• Do not use strong chemicals, household cleaners, harsh abrasives, etc. This is especially true for bleach or products containing bleach. Bleach will stain and discolor stainless steel quickly and easily.
  • Remove sap, tree seeds, bugs, etc. as soon as possible as additional sun and heat exposure can make them stick to the coated surface making them more difficult to remove (but not impossible).
  • Clean glass infills with regular glass cleaner or (made for glass) soap and water.
  • Always test cleaning products on a small, inconspicuous area before applying any product.

And if you have a question about maintaining your railing system, the RailFX team is happy to help. You can email us at or call us at (206) 453-1123.

Ready to Start?

If you’re looking to update your deck, or build a new one, a RailFX cable railing system is a great contemporary accent. The system balances aesthetics, safety, and durability, even in corrosive climates.

For more information and inspiration on cable railings, visit the RailFX website.

Homeowner, Mark Cockrell built his original wooden deck in the early 90s. After more than two decades of exposure to the elements, his outdoor escape needed some attention.

Home Deck Materials for Long-Term Design Solutions

Mark kept up with regular maintenance on his cedar deck over the years. His deck’s original posts, beams and joists were still in good shape, with just the handrails and decking requiring replacement.

Mark sought out high-quality, high-performing materials for his home’s new deck system. His priority was finding a solution that wouldn’t need much upkeep. “In order to minimize future maintenance — I’m 62 years old — I researched many decking and handrail alternatives,” explains Mark.

For the deck’s new handrails, Mark wanted a system to complement the new wood decking and provide a view of his home’s surrounding landscape. “We wanted an aluminum post and rail system with stainless steel cables to help minimize view obstructions,” he said.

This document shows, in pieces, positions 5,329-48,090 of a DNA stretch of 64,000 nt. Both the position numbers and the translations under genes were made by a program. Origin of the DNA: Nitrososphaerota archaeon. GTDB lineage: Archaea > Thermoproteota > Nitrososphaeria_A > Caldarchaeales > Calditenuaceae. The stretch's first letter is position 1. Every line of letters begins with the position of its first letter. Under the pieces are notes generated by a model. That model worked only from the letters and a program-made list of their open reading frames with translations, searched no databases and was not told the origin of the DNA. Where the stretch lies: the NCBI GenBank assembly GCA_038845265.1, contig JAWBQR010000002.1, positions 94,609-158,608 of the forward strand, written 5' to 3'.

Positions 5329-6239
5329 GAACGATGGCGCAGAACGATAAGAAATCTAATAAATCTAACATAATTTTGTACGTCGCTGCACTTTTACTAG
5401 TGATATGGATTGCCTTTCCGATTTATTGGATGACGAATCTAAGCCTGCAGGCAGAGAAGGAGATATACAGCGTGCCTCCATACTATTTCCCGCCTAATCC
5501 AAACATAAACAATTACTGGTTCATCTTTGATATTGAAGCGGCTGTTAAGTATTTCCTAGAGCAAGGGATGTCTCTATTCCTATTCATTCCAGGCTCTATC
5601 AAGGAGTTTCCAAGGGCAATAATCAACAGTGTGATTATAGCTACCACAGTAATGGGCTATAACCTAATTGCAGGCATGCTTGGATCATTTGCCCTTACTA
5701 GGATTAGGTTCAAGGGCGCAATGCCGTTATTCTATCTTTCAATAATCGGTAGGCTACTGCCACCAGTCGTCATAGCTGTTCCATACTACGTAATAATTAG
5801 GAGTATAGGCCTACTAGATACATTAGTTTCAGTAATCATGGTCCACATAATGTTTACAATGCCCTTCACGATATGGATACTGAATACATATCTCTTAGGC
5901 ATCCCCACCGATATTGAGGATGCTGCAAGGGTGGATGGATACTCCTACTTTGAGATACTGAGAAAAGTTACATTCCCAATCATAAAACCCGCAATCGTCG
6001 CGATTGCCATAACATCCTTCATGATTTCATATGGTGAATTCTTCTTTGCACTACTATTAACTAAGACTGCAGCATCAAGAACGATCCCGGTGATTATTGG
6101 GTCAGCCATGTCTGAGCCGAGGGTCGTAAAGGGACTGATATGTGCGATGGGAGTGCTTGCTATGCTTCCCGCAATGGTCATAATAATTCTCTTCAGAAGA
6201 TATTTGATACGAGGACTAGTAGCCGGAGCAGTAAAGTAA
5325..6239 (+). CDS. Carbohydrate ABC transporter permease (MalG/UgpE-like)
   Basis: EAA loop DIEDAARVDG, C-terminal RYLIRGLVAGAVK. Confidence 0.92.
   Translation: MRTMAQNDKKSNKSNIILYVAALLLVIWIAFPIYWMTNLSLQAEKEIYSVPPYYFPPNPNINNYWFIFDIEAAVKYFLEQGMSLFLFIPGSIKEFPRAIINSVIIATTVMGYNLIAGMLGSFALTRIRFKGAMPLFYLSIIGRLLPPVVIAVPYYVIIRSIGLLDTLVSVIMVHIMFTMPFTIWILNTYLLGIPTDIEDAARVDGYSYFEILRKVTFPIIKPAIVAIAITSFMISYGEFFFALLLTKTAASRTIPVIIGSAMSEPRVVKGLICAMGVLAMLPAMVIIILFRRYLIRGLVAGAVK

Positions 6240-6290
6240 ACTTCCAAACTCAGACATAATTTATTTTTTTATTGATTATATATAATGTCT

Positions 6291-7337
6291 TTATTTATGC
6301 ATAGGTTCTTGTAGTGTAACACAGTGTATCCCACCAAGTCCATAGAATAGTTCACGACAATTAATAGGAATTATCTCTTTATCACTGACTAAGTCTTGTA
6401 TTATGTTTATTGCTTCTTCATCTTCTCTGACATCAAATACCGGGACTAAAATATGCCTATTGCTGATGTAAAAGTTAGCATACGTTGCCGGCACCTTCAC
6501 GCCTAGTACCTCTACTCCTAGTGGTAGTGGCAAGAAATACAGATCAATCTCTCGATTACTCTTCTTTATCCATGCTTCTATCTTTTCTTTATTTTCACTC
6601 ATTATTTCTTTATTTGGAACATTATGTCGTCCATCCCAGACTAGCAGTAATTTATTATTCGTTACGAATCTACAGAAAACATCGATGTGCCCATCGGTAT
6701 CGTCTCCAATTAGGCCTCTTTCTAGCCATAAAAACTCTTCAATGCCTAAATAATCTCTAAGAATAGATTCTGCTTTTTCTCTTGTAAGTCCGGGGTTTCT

Mark also needed a system that wasn’t impossible to install, since he’d be tackling the project himself.

Low maintenenace deck solutions
RailFX cable railing system

Smooth Installation and Less Deck Maintenance

Mark Cockrell spent considerable time researching available railing systems and decided on the RailFX cable railing system solution.

He completed the installation entirely by himself. “The assembly instructions were very helpful and intuitive,” says Mark. And the installation kit also included cable sections with an additional 3 feet in length. “That takes care of a lot of measurement errors.”

The RailFX cable rail system’s successful engineering also offered Mark plenty of solutions. These include durable and long-lasting aluminum posts and stainless steel hardware, and an easy-to-install mounting system.

Mark used the Professional 224 series cable kit, with the Invisiware® receiver and Pull-Lock®, two types of hardware that conceal the fittings inside the posts. This allowed for a beautiful, clean final look.

DIY deck project

Anyone who’s ever taken on a DIY project knows how unexpected issues can cause  delays. But working with a dependable brand that’s dedicated to solutions for customers made this DIY project easy. When Mark lost a few parts and damaged one of the cables in his kit, RailFX had solutions readily available.

“There were real people answering the phone, who could direct you to actual installers that know the product,” said Mark, “And tech support sent me new parts the next day!”

Compared to his original deck rail system, he found the RailFX cable railing system superior, and it helped provide his home with an exterior design he describes as “elegant and impressive.”

Solutions for Your Future Deck System

Mark completed his deck installation and is now enjoying the results of his handiwork.

“On the whole,” said Mark, “I am very pleased with the final product and would highly recommend it to others without reservation.”

Planning your next DIY home deck project? Check out RailFX’s host of hardware solutions, or you can contact us with any questions about your project.

Before and after DIY deck project